Thanks for the marvelous review!!

~UnluckyStar57


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Review #4, by celadon Nobody's Distraction

13th January 2014:
Hey! Here to review your entry for my challenge!

I've never got the opportunity to read many Bellatrix/Voldemort stories before so this was a pleasant surprise. Bellatrix come across as the perfect aristocrat here, except for her..ahem, thing for Voldy. Boy am I glad that it was just one-sided.

Your beginning was great, the quick description before diving straight into the plot was enough to drag my attention into the story.


What I find extremely interesting is the new angle that you've brought into the story explaining why Bella wanted to become a Death Eater. Granted, she fell in love with Voldemort, but she was feeling trapped. I noticed that you repeatedly use the word cage, like a restriction. Whenever I think of Bella, I think of an unrestrained soul, almost too free, which is why she was borderline insane. Many of the stories I read talk about how she bent the rules, how she made her own rules. Then I see that she's been shackled to a life of fancy dresses and useless husbands. It intrigues me that someone so outgoing and determined can feel chained and trapped. It's a new angle to Bellatrix I never thought about. Aah, I can feel the gears in my brain beginning to rotate!

I really appreciate seeing Bella as a feminist. I think in that context, you have used the quote brilliantly. I like how she isn't afraid to tell Voldemort exactly what she wants even to the extent that she starts shooting curses at him. In that paragraph I can almost feel her frustration at always being considered part of the weaker gender.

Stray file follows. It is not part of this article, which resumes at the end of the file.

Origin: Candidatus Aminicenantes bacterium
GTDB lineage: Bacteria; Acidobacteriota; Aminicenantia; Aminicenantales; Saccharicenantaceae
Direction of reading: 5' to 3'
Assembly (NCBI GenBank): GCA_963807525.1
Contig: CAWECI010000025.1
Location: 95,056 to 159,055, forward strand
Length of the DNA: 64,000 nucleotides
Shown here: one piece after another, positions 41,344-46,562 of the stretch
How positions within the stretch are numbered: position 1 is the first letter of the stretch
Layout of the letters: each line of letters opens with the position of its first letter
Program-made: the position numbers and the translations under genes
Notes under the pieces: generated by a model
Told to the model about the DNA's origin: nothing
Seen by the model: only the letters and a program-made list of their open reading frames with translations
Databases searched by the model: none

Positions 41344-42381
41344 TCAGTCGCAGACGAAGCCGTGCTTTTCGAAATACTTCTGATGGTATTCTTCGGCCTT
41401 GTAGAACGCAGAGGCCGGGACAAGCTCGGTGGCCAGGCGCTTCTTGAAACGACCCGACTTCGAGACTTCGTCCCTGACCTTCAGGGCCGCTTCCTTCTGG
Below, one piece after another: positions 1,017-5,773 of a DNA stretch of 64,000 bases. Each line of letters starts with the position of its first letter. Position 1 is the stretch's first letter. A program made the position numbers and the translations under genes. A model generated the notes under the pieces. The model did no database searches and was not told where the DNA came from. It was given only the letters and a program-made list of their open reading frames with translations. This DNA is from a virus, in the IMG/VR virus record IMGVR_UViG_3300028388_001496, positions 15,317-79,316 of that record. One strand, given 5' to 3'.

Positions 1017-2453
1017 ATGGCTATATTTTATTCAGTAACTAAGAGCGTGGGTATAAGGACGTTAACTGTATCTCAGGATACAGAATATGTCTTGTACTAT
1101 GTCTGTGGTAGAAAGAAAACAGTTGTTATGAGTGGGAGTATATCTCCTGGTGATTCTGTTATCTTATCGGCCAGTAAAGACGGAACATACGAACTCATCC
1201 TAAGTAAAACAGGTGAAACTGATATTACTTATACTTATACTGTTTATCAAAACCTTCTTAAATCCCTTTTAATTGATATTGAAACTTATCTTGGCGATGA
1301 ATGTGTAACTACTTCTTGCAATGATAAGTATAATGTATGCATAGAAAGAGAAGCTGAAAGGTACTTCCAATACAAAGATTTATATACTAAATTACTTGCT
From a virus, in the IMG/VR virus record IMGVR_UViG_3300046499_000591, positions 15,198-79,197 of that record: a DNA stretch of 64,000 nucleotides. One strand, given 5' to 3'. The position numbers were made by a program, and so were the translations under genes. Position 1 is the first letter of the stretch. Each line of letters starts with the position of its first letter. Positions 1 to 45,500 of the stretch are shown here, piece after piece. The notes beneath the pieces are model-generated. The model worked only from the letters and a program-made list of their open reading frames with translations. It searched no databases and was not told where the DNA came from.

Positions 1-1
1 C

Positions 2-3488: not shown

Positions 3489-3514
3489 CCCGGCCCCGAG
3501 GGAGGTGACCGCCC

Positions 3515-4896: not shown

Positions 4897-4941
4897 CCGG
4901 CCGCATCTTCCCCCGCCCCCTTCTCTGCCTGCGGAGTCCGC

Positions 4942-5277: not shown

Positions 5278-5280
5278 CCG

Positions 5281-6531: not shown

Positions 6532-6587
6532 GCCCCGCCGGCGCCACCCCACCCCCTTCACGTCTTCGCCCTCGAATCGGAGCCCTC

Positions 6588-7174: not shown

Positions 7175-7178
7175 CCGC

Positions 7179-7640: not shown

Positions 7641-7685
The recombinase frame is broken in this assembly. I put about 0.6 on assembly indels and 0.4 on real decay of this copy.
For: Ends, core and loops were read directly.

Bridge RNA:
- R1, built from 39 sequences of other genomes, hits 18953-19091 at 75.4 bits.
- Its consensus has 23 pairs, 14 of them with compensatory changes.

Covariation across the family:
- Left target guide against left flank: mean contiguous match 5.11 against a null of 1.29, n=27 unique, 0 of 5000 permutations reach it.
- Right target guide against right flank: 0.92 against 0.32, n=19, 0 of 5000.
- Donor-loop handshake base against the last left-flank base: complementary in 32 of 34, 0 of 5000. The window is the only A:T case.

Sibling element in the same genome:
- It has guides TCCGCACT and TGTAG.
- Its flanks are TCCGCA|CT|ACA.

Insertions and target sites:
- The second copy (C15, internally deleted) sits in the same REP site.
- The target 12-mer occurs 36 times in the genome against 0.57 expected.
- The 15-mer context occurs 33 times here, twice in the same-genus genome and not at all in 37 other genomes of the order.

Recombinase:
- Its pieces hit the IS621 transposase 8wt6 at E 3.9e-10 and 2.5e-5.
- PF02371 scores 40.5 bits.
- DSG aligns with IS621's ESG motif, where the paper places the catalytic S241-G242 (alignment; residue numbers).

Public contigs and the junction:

What I also noticed is that she loves Voldemort for his power and for the power he can give to her if she plays things right. Of course, what she doesn't know is that Voldemort will never share his power with anybody, not even his most faithful servant. However, it's nice to see Bella's daring attitude when compared to girls that melt into puddles of mush while talking to the person they love. It shows how strong she is as a character.

What the story leaves me with is, surprisingly, sadness. Not because it is poorly written, which it isn't by any such means, but because it makes me wonder what Bellatrix could have been had she been raised differently. She's such a force of nature, if only he could have used her strengths for good, perhaps the Wizarding World could have been a much better place. I guess life is full of those if-onlys.

Overall this was a wonderful piece that touched upon so many angles of Bellatrix's personality. It was certainly a pleasure to read this story and thank you so much for participating in my challenge!

Author's Response: Hello!! :D

Yep, I really don't know how many Bella/Voldy stories there are, but the quote you gave me really lent itself to feminism, so I thought, "Why NOT Bellatrix?" I tried to make her as Bellatrix-y as possible, and I think that her *ahem* thing for Voldy is something that really makes her who she is. Thank Merlin for unrequited love, though--I agree, that ship would be a DISASTER if it really sailed. :)